But must I spend my days wracked by guilt? After all, to function socially where I live, and to earn a living and contribute to society, I need some things – clothes, tools, books, transport. And I need to eat. Constantly researching and worrying about the origin of the things I buy is wearying, and seems almost pointless – a lonely drop in a large ocean. There are other drops but they are never enough to change the tide. Ignorance is easier.

Resignation is an option too. Human history, amongst other characteristics, is one of harshness and exploitation, of one group’s power over another, of earth and sea constantly changed. Perhaps this is life on our lonely planet.

This seems inadequate though. Dissatisfying, lazy, weak even. What if we just resigned ourselves to the fact that if a child gets sick, they might die. What if the East Timorese had resigned themselves to never being free. What if a girlfriend beaten up resigned herself to the fact that it will just keep happening. Resignation is what people do when they’re leaving somewhere, and even though we will all die at sometime, most of us are staying for the moment. If we never sought change, our humanity would be diminished.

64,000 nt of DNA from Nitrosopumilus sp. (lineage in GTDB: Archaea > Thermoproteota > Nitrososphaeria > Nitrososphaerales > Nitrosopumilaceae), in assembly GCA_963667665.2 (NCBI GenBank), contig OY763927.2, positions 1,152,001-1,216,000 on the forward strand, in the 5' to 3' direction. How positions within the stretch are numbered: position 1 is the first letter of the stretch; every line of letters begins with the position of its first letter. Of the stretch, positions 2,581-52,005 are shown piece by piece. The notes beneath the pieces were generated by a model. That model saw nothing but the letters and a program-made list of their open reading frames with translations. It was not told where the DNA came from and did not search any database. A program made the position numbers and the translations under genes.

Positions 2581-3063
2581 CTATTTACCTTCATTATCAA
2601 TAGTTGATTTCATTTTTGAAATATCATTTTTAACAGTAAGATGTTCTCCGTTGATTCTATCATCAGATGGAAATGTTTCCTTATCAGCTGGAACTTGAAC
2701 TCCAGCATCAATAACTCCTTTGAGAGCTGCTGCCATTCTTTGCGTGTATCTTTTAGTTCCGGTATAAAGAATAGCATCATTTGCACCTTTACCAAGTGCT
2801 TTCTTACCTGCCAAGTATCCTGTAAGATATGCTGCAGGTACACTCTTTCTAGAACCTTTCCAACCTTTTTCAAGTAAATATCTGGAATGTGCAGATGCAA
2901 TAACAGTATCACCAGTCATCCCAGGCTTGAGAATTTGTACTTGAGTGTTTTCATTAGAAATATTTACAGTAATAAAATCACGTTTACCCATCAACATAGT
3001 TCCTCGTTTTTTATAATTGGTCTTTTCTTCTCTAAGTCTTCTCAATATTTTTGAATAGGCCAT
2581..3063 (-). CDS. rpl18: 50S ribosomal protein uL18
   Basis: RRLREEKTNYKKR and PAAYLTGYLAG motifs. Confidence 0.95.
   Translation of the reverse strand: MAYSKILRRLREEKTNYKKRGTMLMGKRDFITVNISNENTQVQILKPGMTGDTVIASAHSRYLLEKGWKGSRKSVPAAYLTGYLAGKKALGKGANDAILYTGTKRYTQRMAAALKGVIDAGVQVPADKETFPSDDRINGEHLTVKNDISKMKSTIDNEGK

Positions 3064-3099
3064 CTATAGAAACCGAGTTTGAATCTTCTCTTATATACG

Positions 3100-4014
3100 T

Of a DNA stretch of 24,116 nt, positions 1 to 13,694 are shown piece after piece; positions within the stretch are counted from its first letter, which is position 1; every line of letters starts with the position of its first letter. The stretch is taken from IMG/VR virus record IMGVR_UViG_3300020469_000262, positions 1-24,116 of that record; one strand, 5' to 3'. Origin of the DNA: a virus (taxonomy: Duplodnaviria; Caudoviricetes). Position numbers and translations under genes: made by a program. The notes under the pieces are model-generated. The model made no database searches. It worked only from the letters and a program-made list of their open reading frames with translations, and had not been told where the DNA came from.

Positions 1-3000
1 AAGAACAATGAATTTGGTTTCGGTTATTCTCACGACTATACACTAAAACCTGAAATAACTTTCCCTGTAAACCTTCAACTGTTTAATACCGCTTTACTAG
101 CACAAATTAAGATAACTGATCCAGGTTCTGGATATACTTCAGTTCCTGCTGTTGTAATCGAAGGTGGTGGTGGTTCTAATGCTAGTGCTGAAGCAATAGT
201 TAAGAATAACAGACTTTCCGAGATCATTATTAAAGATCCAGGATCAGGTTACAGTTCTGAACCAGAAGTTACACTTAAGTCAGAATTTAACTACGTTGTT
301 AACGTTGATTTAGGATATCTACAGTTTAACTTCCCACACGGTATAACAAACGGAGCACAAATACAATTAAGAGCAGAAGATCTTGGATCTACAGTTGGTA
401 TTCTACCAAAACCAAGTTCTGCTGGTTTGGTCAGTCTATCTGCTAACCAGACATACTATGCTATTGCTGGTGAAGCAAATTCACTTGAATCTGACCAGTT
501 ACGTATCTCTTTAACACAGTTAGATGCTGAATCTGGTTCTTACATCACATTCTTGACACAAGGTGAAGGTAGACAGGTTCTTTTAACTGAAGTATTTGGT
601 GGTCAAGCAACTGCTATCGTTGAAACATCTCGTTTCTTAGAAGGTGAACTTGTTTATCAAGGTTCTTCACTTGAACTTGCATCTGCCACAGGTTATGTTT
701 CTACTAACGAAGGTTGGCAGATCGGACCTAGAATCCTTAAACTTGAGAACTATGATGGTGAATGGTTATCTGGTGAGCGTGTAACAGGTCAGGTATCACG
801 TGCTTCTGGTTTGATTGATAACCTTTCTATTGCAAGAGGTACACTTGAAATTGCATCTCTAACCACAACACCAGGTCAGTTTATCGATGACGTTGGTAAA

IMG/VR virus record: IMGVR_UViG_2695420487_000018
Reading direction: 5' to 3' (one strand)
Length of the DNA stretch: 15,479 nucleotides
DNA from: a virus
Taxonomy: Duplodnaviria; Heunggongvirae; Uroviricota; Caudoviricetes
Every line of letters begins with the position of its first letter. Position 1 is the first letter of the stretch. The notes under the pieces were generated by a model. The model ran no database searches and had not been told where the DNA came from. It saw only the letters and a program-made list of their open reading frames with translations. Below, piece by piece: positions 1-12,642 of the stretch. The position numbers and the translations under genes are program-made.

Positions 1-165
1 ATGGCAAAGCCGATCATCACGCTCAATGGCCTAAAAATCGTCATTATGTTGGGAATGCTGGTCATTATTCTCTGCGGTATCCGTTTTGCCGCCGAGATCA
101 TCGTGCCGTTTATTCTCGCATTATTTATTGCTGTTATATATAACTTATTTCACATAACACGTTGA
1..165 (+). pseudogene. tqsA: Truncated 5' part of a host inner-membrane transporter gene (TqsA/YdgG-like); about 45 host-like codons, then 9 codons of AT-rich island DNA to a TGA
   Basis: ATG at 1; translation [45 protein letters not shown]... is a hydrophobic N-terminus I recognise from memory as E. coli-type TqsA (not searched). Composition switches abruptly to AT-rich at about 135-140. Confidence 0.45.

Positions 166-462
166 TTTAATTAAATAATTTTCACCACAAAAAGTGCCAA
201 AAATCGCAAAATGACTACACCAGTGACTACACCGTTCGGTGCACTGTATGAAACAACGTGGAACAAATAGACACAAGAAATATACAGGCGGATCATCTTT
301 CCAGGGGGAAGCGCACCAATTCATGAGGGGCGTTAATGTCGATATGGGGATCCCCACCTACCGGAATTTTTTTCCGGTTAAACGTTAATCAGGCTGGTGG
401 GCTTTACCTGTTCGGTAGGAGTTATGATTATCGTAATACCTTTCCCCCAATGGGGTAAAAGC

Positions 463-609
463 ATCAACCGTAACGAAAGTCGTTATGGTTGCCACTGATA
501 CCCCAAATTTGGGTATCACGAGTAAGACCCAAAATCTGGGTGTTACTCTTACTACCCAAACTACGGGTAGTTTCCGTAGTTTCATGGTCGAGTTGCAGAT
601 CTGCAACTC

I can’t change, know or understand everything. But ignorance and resignation would be too lazy a response.

* I first read about this concept of biographies in a 2005 Arena Magazine article called “After Affluence”, written by Kim Humphrey

Your own idea

March 30, 2010